Archive for

Avoid the tool trap when building communities


Over the last few years, I’ve had the opportunity to work with many different organizations attempting to build successful communities inside and outside the open source world.

Many of them quickly fall into something I call the tool trap.

Meaning, they immediately jump into a conversation about what tool or technology they will use to support the community:

“Where are we going to put the wiki?”

“Should we build the website using Drupal?”

“What should we call the mailing list?”

“We should starting playing around with [new technology X].”

This is no huge surprise. Great community-building tools are now available to us that never existed before and it is very hard to resist the urge to start nerding out on new technology.

And tools are important. But tools alone do not create community.

People create community.

[Read the rest of this post on opensource.com]

BetterMeans: a new app for running your organization the open source way


Last week I received a heads up about a new web application launching today from a company called BetterMeans with an impressive goal: to build the infrastructure (processes, technology, governance, etc.) to make an open organizational structure like we talk about here on opensouce.com a reality.

From their website:

BetterMeans.com is a web platform where people can start and run companies in a new decentralized way.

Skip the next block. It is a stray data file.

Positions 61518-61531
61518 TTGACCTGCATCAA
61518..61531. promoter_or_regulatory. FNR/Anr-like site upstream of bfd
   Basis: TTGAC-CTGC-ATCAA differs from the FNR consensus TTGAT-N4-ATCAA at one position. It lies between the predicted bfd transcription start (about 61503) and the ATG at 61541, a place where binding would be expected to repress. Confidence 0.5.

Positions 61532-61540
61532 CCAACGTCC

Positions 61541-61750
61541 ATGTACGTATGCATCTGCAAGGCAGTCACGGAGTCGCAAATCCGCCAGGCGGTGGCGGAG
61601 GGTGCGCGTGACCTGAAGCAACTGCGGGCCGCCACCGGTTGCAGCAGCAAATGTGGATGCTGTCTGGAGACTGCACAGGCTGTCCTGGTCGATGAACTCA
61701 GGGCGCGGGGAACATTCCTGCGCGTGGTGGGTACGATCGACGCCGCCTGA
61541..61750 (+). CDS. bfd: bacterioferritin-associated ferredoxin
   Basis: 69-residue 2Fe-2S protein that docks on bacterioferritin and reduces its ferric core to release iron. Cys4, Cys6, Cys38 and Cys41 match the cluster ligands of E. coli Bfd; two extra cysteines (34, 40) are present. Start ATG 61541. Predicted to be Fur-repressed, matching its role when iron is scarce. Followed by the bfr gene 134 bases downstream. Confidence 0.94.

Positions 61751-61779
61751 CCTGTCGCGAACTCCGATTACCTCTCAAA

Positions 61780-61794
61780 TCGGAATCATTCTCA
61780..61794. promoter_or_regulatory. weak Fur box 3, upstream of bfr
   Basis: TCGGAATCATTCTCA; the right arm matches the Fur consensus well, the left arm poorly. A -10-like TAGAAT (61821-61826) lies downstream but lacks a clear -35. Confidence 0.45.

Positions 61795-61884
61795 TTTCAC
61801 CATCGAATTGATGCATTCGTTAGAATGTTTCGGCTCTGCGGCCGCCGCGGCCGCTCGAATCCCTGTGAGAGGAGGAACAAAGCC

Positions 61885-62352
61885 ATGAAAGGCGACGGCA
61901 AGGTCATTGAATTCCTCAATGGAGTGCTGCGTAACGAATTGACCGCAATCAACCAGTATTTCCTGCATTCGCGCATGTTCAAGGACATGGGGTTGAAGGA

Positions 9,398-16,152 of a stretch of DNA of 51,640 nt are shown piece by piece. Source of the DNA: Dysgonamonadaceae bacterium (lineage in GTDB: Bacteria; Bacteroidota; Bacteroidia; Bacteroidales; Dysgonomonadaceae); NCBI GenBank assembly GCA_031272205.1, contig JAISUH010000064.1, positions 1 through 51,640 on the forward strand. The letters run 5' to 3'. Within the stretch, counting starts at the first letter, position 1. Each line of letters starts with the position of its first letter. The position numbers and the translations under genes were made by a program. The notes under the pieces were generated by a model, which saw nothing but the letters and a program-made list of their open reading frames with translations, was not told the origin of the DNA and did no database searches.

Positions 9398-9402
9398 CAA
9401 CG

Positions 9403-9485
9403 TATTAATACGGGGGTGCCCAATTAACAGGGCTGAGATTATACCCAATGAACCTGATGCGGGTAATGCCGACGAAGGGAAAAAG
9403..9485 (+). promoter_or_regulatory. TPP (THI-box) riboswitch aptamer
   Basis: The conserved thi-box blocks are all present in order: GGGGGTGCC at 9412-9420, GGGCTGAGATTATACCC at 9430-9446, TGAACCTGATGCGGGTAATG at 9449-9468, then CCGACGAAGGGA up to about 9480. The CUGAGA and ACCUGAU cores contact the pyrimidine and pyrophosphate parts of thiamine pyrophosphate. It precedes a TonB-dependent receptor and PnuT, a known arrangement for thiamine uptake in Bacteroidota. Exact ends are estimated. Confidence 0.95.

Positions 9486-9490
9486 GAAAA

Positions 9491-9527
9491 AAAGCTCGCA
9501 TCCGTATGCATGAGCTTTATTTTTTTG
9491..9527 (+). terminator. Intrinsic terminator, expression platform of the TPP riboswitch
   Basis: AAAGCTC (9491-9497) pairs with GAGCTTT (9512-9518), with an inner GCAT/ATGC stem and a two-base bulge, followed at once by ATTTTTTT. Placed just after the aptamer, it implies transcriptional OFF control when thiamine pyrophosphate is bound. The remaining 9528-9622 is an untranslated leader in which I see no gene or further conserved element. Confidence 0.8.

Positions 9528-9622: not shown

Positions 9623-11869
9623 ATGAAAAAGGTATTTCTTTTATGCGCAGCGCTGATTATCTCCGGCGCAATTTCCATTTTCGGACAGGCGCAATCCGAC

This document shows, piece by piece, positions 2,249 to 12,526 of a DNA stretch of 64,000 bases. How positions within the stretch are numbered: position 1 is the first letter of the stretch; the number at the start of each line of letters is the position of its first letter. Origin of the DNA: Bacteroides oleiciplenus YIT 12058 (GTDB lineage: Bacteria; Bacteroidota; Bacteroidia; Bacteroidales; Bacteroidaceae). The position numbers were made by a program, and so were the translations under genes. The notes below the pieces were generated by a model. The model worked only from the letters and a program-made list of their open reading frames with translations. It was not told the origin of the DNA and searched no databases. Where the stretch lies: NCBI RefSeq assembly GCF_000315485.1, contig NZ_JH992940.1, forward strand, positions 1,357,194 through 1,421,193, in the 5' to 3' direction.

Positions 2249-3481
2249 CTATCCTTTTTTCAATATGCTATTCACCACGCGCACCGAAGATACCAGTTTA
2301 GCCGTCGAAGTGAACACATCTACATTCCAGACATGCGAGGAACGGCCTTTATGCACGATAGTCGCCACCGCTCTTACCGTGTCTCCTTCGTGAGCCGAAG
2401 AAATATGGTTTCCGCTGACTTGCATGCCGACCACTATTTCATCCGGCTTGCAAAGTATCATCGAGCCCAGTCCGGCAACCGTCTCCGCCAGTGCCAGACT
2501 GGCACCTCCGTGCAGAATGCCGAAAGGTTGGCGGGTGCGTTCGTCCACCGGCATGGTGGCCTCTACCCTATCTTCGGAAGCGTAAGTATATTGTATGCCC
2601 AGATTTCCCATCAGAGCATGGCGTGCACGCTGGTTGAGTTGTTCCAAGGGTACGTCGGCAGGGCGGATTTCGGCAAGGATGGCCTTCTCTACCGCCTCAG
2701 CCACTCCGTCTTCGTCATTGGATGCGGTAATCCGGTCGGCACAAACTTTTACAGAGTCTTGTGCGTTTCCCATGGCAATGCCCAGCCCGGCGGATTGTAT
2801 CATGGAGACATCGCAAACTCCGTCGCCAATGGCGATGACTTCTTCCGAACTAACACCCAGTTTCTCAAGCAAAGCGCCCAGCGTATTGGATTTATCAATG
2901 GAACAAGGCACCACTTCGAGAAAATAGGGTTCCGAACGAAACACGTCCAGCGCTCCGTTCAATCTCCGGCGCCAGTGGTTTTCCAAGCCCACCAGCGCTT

– Teams self-form, self-organize, and self-manage using an issue-tracking tool
– There is no management class, only natural hierarchies.
– Leadership emerges organically by users earning other users’ confidence
– Compensation is based on contribution
– Strategy and ideas are crowd-sourced
– There’s full accountability and transparency. Relationships are built on trust.
– Ownership is distributed
– Capital allocation and decision-making are decentralized

If a traditional company was a network architecture, it would be client-server.

We’re building a platform for peer-to-peer companies that are more agile, resilient, and innovative.

The video below explains what they are doing and why.

[Read the rest of this post on opensource.com]

Open innovation and open source innovation: what do they share and where do they differ?


Recently, Stefan Lindegaard, open innovation expert and author of the new book The Open Innovation Revolution, joined opensource.com for a webcast about open innovation.

Based on the positive feedback from this webcast, we decided to host a conversation between Stefan and regular opensource.com contributor Chris Grams regarding the ways open source and open innovation are different and the things they share.

To learn more about open innovation, visit Stefan’s 15inno blog.

Collaboration & Sharing

CHRIS: In the open source world, we always come back to collaboration and sharing as key principles. These days, many organizations would say they have collaborative cultures (or aspire to, at least), but where the open source way really shines is in its ability to inspire people to collaborate beyond the boundaries of their own organization.

It strikes me that the open innovation world also encourages people to reach beyond the walls of their organization as well, but if I were to point out one key difference, it would be that in the open innovation world, collaboration is clearly transactional or even contractual. You give on the promise of receiving in return.

STEFAN: You are right about this. Big companies engage with open innovation because the combination of their internal resources and the external resources provides more innovation opportunities that they can feed their corporate engines with. They want to increase revenues and profits, and they definitely put this focus first rather than “just” trying to do good things.

[Read the rest of this post on opensource.com]

Hey, I Wrote a Book!

The Ad-Free Brand: Secrets to Building Successful Brands in a Digital World

Available now in print and electronic versions.

<span>%d</span> bloggers like this: